Together, President Barack Obama, Senate Majority Leader Harry Reid, and House Speaker Nancy Pelosi were supposed to usher in a new era of liberal dominance. The defeated conservative remnant, it was predicted, would then turn against each other, bereft of ideas and reduced to cannibalizing their own movement.
Election results in places as varied as Virginia, New Jersey, and Massachusetts have complicated the first part of this storyline. This week, a meeting of the nation’s leading conservative activists, intellectuals, and political leaders hopes to disprove the second.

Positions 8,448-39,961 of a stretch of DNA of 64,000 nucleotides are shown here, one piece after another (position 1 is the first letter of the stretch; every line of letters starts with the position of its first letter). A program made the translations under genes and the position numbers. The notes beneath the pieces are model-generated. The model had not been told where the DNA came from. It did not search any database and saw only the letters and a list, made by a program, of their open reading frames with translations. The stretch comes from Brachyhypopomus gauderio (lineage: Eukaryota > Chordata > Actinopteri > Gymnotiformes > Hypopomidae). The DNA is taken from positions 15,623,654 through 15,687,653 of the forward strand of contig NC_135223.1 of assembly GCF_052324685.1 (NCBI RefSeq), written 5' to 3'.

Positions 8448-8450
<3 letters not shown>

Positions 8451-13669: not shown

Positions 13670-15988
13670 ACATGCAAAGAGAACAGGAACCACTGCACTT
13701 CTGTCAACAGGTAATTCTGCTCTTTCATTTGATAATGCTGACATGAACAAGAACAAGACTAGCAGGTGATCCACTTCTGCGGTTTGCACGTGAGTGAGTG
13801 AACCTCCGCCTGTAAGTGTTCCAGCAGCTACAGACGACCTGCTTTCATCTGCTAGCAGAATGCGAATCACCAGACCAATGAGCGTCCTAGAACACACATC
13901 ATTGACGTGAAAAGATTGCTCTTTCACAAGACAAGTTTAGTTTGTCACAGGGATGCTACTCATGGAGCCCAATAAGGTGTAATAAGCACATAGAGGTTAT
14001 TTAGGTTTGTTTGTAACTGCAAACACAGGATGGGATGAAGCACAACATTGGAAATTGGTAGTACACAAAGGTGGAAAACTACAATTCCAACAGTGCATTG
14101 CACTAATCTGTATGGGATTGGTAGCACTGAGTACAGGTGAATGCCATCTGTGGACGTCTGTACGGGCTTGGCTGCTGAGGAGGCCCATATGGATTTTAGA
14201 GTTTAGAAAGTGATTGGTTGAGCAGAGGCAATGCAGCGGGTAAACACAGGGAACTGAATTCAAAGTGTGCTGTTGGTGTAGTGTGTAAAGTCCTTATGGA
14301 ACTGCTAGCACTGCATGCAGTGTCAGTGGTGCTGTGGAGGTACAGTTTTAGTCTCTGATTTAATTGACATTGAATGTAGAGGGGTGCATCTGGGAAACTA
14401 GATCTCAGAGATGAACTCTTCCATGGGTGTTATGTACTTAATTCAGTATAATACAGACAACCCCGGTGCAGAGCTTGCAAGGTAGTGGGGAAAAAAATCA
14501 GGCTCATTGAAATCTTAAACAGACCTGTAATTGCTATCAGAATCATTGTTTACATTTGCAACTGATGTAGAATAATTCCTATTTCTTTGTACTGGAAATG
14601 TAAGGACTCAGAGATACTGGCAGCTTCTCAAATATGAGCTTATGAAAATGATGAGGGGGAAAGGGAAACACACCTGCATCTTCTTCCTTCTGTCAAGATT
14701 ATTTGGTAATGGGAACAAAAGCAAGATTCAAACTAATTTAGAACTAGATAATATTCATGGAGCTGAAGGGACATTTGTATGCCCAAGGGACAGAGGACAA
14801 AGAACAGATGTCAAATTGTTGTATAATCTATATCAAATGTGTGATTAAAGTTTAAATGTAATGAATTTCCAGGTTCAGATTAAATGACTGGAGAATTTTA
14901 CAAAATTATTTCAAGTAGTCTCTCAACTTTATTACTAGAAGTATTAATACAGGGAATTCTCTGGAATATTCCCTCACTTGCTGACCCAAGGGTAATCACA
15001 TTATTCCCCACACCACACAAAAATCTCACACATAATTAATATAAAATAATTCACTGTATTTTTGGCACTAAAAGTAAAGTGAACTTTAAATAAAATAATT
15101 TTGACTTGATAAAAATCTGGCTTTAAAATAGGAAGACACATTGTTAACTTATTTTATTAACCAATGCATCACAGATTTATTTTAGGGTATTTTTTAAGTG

On Wednesday, more than 80 conservative thinkers and organization heads will come together to ratify a joint manifesto ahead of the 2010 elections. Dubbed the Mount Vernon Statement, its goal is to unite the right — economic, social, and national security conservatives — under a set of shared principles. The idea is to make different conservative groups feel part of the same team and also to bind them in a common intellectual enterprise.